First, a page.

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Expanded home occupations plan gets a haircut

Home-based barbers and beauty salon operators would face sharper limits on the number of customers they could serve.

Working from home.

Members of Evanston’s Plan Commission this week balked at some aspects of a staff proposal to loosen restriction on home occupations in the city.

They suggested that allowing six customers at a time and 12 customers per day at a home-based barbershop or beauty salon would amount to “too much expansion of retail activity into a residential neighborhood,” in the words of Commissioner Kristine Westerberg.

So they asked staff to cut those limits in half in a revised proposal to be presented at the commission’s Dec. 9 meeting.

Currently barbershops and beauty salons are not permitted as home occupations.

The commissioners also objected at their Wednesday meeting to the idea of raising the percentage of a dwelling unit that could be devoted to a home occupation to 49% and suggested keeping the current limit 25% instead.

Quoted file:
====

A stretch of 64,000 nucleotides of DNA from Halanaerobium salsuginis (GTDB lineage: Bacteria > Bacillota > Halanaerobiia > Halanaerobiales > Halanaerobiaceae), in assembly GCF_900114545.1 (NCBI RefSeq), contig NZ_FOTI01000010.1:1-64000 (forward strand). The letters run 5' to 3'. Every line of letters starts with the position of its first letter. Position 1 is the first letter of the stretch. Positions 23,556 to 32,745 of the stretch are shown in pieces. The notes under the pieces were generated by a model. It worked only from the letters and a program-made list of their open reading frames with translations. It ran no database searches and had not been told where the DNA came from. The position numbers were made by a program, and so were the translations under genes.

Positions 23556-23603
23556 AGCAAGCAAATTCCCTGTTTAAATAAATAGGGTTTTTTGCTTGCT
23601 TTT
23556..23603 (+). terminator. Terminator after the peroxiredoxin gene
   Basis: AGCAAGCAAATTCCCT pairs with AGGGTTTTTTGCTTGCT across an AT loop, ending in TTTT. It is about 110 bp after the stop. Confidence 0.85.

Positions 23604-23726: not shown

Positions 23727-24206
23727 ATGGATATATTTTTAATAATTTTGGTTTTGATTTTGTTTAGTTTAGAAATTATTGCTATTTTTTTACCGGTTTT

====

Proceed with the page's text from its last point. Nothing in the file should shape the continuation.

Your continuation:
The revisions proposed by staff would also allow limited indoor recreation uses including one-on-one personal training and small group activities like yoga classes as home occupations, which are not permitted now.

In a memo to the commission, Community Development Director Johanna Nyden says that home occupations are expected to become become increasingly prevalent as a result of the coronavirus pandemic.

“Many types of work can be done in a home with little or no effect on the surrounding neighborhoods,” the memo says, and expanding the permitted uses for home occupations “will encourage residents to register their home business with the city and help foster new economic opportunities and entrepreneurship.”

Nyden’s memo says nearly 70% of registered home businesses in the city are office or professional services occupations with rest consisting of arts, recreation and retail goods and services occupations.

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